Sunday, October 10, 2010

Actions speak louder than words

How do you chat about
the wilful ending of human life?
Not the murder of another
for who would want to chat about that?
But the sort of ending where
enough is simply enough.
One’s own end.

Being a burden is not
a prospect that pleases.
Nor is living out one’s life
swathed in the nauseating
aroma d’institution.
I reserve the right to call
‘Time gentlemen, please’.

Is there something to be learnt
from seeing the dreary process
through to the bitter end?
Is a life-lesson for my child
sufficient reason to put them through it?
The routine visits, the crushing burden of guilt
borne by the sandwiched generation.

People spend years trying to give life meaning.
Reason evaporates quickly from the vantage point
Of a wheel-chair driven by a nurses-aide.
Direction is difficult to uncover
waiting hours in the dining room for the midday meal.
Purpose is elusive when a day
is stolen by endless hours of blessed sleep.

Would a one-way flight to Switzerland
do the trick, or be an administrative nightmare?
If I stockpile pills, will my stash be uncovered?
A gun or a knife shows a lack of imagination.
Falling under a bus is taking the driver
hostage to one’s own sense of entitlement.
So much for the profound angles.

How far ahead should I give warning?
As no one else can be involved,
I must have the mental and physical capacity.
Which involves going early.
So it is a matter of picking the apogee of
the ride of one’s life, having a bag packed
and remembering to cancel the morning paper.

Written in response to a prompt ('Softy-spoken bullets; Hardly-spoken lips') from the Tenth Daughter of Memory, a writers' collective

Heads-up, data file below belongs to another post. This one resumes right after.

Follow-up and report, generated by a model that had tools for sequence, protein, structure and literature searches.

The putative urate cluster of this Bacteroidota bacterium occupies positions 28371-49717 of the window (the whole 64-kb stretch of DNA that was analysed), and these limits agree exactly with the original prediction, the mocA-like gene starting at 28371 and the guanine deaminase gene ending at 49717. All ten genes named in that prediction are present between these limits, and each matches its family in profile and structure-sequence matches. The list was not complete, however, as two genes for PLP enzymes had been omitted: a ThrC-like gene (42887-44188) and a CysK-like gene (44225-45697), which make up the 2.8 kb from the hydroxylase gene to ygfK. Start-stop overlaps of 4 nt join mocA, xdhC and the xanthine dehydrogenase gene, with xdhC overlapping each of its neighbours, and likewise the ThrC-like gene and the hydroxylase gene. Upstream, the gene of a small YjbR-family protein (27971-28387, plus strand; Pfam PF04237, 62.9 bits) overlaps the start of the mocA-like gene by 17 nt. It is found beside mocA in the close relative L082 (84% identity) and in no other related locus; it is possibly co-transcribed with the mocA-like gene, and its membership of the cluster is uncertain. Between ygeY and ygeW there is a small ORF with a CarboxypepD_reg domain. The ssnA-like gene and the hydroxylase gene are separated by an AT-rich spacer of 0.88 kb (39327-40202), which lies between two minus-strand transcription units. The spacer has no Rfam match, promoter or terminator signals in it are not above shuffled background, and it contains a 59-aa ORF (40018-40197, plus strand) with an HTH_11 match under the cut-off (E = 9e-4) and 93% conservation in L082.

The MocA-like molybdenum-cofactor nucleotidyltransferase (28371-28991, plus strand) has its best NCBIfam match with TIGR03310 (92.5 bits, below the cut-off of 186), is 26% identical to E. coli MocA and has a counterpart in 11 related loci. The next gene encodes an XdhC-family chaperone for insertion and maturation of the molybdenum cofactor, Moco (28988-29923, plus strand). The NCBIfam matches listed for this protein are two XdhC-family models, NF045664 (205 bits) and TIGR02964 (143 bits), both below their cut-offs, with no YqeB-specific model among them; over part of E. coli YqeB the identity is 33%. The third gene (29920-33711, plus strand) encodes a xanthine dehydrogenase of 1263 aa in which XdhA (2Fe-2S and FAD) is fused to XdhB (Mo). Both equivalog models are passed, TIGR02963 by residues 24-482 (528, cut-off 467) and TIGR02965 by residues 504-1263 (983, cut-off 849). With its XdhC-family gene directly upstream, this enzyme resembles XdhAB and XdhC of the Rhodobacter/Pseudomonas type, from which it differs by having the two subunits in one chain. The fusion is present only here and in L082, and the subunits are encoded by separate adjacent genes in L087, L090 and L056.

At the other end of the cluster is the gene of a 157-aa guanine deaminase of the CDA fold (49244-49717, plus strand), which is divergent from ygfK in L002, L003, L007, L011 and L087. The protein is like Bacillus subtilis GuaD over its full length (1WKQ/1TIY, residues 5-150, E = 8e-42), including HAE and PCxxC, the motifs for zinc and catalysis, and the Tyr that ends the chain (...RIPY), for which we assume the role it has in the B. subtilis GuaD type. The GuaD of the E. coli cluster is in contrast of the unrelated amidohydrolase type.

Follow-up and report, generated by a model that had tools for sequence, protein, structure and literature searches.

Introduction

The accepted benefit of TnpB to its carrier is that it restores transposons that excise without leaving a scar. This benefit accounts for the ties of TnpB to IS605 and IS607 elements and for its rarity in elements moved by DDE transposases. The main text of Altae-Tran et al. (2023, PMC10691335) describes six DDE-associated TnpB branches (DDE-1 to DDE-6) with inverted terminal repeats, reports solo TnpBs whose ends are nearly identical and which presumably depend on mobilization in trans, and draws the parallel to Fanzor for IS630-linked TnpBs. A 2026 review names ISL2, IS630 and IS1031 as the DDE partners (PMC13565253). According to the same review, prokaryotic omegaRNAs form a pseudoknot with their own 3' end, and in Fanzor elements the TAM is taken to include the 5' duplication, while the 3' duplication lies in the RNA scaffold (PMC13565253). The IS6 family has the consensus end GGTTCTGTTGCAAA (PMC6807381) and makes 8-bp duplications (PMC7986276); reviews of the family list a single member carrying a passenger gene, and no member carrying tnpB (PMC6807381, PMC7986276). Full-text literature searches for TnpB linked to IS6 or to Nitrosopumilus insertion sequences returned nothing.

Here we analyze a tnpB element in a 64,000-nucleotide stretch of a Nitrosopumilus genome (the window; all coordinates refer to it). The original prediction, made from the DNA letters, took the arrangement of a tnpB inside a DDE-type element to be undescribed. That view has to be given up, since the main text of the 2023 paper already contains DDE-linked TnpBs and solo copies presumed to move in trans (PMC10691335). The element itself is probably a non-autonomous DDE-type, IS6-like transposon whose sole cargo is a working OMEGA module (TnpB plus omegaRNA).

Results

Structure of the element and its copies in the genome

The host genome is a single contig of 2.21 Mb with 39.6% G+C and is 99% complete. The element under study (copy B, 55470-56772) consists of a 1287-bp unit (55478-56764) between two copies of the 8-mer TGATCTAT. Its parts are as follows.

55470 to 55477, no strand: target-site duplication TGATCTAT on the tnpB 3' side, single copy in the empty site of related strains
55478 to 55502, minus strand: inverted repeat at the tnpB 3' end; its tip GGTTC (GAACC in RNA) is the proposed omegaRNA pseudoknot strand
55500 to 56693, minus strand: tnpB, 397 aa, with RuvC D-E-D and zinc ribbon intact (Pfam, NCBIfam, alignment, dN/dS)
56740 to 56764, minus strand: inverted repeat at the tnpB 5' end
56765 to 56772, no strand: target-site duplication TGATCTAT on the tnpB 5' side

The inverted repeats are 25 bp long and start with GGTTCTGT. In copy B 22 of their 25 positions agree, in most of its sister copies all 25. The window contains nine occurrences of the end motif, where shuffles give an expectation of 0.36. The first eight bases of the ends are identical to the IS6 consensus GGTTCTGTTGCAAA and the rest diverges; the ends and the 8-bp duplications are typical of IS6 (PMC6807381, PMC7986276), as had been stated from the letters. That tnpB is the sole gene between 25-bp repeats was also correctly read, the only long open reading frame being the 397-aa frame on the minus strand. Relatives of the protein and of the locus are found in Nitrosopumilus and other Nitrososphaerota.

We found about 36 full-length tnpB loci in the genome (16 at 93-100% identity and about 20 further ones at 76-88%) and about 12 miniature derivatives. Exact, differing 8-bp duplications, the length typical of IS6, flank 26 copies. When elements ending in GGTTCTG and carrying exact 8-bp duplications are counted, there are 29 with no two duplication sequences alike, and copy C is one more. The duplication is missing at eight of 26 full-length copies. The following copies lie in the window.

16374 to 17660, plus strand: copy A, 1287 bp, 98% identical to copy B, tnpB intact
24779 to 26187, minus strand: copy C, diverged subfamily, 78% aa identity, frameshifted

JeffScape said...

I don't see the Muse. At all.

Joan Elizabeth said...

I think this is a thoughtful piece. However, I think there privilege in nursing people through to their end so why take the opportunity from those who wish to show their love.

Julie said...

Jeff: 'at all' - really? How about: 'softly spoken bullets' - all the reasons there are for a person to want to end their life, each being a harbinger of death; 'hardly spoken lips' - euthanasia is a topic that is so off the agenda as to be illegal so it must be whispered.

Joan: there might be in individual cases, but the person whose life it is, should have the choice of offering that privilege. I cover it because I am living that 'sabdwich' life and getting more out of it than my brothers.

Jeff (again): here is a query. Why link bullets and soft and also link lips and hard? An inversion of the normal alignment which is encouraging contributors to think laterally. In the Robbie story, if I had not talked about Glen loading the 'bullets' of rebellion, would that have covered the muse? I only added it right in about Draft 4 to make it easier for the reader.

Tom said...

loved it. the ending was superb. and you bring up some valid points.

PattiKen said...

Julie, though I didn't see the relation to the muse either, as a piece of writing, I really liked this.

I feel a little as though you have been looking over my shoulder this week. We just moved my 94-year-old mother-in-law from an "independent living" apartment into a "life enrichment" (read "Alzheimer's") unit.

It has been a horrible ordeal, and throughout, I've thought to myself: Is this what I want my life to come to? Is this what I want to put my children through?

You hit me right in the "now" with your poem.

Brian Miller said...

when it is my time, its over...i dont want to drag it out...i watched my MIL waste away for 2 years....not me...not at all...

Maha said...

I was thinking the same stuff the other day. we go on living but how often do we remember death?

Not For Jellyfish said...

While I enjoy the more straightforwardness of this poem a little more than your last, it ends up being a little dull/sad. I'd want it to be more profound/sad...

Julie said...

Yes, I can understand that. However, the entire process is unedifying. There is nothing profound about spending ones final years, drifting away. Profoundity is only for looking ahead, for deciding what to do with one's life. Death may be profound, as the living cannot see through the veil. But there is nothing profound about dying.